ILLINOIS APPELLATE COURT — FIRST DISTRICT (1ST DIVISION) JUDGMENT AFFIRMED.
OPINION FILED MAY 31, 1983.
PATRICIA A. WATKINS, PLAINTIFF-APPELLEE,
HENRY D. MARTIN, DEFENDANT-APPELLANT.
Appeal from the Circuit Court of Cook County; the Hon. Joseph
T. Lavorci, Judge, presiding.
JUSTICE GOLDBERG DELIVERED THE OPINION OF THE COURT:
Rehearing denied July 5, 1983.
Patricia A. Watkins (plaintiff) brought this paternity action against Henry D. Martin (defendant). After hearings, the trial court entered a judgment finding paternity. After a subsequent hearing, the trial court ordered defendant to pay monthly child support payments of $300. Defendant appeals.
Plaintiff filed a motion to dismiss this appeal on the ground that the order appealed from, entered October 6, 1982, is not a final order because it does not contain the special finding required by Supreme Court Rule 304(a) (87 Ill.2d R. 304(a)). The record shows plaintiff's petitions for allowance of attorney fees and costs and also retroactive support during pregnancy remain pending. Defendant has filed objections to the motion to dismiss. Defendant cites and depends primarily upon Deckard v. Joiner (1970), 44 Ill.2d 412, 255 N.E.2d 900, cert. denied (1970), 400 U.S. 941, 27 L.Ed.2d 244, 91 S.Ct. 232. There, the supreme court held that when the trial court had decided the issue of paternity, and had fixed the amount of support money defendant was to pay, "[t]his was the final determination of the ultimate rights of the parties put in issue by the complaint." (44 Ill.2d 412, 417.) Thus the time for filing the notice of appeal commenced to run from the date of the order fixing the amount of support. We took this motion to dismiss with the case.
• 1 Upon due consideration, the motion to dismiss is denied for these reasons:
(1) In our opinion, Deckard is in point and decides the issue.
(2) The first order entered by the trial court disposing of the issue of paternity also set the cause for hearing to determine "support and related matters." The able trial judge also found that the order in question was neither final nor appealable pending such a hearing. No such finding appears in the order of October 6 fixing support. This may well be construed as a finding that the order entered after the hearing to fix support would be final and appealable.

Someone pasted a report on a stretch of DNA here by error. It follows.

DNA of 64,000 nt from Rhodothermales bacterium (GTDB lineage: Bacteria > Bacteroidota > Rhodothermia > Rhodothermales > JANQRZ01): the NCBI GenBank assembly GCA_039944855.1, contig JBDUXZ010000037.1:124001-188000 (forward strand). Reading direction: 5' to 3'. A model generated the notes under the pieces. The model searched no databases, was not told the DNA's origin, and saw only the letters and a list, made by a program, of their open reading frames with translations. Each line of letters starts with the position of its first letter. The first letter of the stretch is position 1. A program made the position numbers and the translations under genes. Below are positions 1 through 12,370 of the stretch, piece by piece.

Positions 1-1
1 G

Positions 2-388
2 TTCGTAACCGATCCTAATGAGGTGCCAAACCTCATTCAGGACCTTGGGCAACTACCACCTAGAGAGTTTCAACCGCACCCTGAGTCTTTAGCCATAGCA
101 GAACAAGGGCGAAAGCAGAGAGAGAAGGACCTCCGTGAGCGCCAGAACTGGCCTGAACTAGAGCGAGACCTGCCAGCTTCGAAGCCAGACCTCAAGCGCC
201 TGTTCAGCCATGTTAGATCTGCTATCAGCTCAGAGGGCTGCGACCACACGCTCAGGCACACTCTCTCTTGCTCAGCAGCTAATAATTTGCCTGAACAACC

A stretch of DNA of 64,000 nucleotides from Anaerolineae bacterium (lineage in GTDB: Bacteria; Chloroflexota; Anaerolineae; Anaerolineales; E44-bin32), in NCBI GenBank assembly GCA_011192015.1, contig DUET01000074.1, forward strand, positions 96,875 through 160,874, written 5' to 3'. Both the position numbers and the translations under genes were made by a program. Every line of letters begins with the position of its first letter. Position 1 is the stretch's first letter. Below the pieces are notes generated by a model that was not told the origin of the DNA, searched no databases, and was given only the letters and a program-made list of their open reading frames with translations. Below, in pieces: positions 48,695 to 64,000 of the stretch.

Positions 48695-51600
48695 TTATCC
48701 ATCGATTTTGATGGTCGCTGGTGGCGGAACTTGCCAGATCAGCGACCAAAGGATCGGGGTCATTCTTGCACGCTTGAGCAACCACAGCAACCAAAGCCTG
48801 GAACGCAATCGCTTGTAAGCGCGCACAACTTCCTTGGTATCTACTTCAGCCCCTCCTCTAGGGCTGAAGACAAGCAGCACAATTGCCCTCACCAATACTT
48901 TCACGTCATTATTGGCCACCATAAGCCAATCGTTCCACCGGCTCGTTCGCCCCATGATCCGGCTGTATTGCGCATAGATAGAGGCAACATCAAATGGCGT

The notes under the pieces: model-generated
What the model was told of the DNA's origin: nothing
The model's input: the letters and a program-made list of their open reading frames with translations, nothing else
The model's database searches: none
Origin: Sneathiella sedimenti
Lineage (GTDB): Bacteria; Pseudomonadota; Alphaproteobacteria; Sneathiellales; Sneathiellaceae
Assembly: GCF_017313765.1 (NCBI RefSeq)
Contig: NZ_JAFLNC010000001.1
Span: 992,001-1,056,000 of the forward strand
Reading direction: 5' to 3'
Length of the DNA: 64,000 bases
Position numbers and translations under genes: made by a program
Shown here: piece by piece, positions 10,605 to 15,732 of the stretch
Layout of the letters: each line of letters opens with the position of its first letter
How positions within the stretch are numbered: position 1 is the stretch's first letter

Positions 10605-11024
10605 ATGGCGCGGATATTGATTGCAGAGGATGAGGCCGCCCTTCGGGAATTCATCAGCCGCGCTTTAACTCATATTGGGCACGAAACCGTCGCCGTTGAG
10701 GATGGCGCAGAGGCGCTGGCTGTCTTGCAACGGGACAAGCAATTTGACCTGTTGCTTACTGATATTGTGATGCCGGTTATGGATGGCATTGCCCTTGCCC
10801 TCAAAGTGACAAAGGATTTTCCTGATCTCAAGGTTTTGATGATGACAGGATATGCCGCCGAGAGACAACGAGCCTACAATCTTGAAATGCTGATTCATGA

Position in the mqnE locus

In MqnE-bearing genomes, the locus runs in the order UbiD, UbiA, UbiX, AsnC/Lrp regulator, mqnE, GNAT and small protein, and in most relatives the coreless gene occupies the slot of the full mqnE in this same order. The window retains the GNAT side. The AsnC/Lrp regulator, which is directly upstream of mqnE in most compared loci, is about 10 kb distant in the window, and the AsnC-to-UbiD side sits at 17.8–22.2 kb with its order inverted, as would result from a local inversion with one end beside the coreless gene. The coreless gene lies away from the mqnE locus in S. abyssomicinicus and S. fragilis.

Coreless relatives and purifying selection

(3) The order entered October 6, 1982, fixed the amount of support money. This order is final in the sense that the other matters reserved therein by the trial court were simply collateral such as the fixing of attorney fees and costs and determination of a request for retroactive child support expenses during pregnancy.
(4) The pertinent statute provides that if the trial court finds defendant is the father of the child, then, at the time such judgment is entered and again at the time of entry of an order with respect to support, the trial court shall:
"advise the defendant of his right to appeal, of his right to request the clerk to prepare and file a notice of appeal, and of his right, if indigent, to be furnished, without cost to him with a transcript of the proceedings at his trial and with counsel of appeal." (Ill. Rev. Stat. 1981, ch. 40, par. 1366.)
In our opinion, by this declaration the legislature indicated that defendant should have the right to appeal after the issues of paternity and amount of support have been settled.
(5) In Virzint v. Beranek (1980), 85 Ill. App.3d 919, 407 N.E.2d 701, this court held that a determination of paternity is not in itself a final and appealable order and does not become final and appealable until an order for support is entered.
(6) In our opinion, the entry of the order of paternity and the determination of support are the two basic orders actually required for virtual completion of the case. The entry of these orders assures that the child will not lack for support. Additional matters such as attorney fees and costs and expenses, if any, during pregnancy may be determined in due course at a later date without interfering with the basic rights of the parties. In other words, a final order does not become interlocutory simply because it reserves "power over incidental matters not affecting the ultimate rights that have been determined by that order." Slavick v. Michael Reese Hospital & Medical Center (1980), 92 Ill. App.3d 161, 166, 415 N.E.2d 1060, and cases there cited.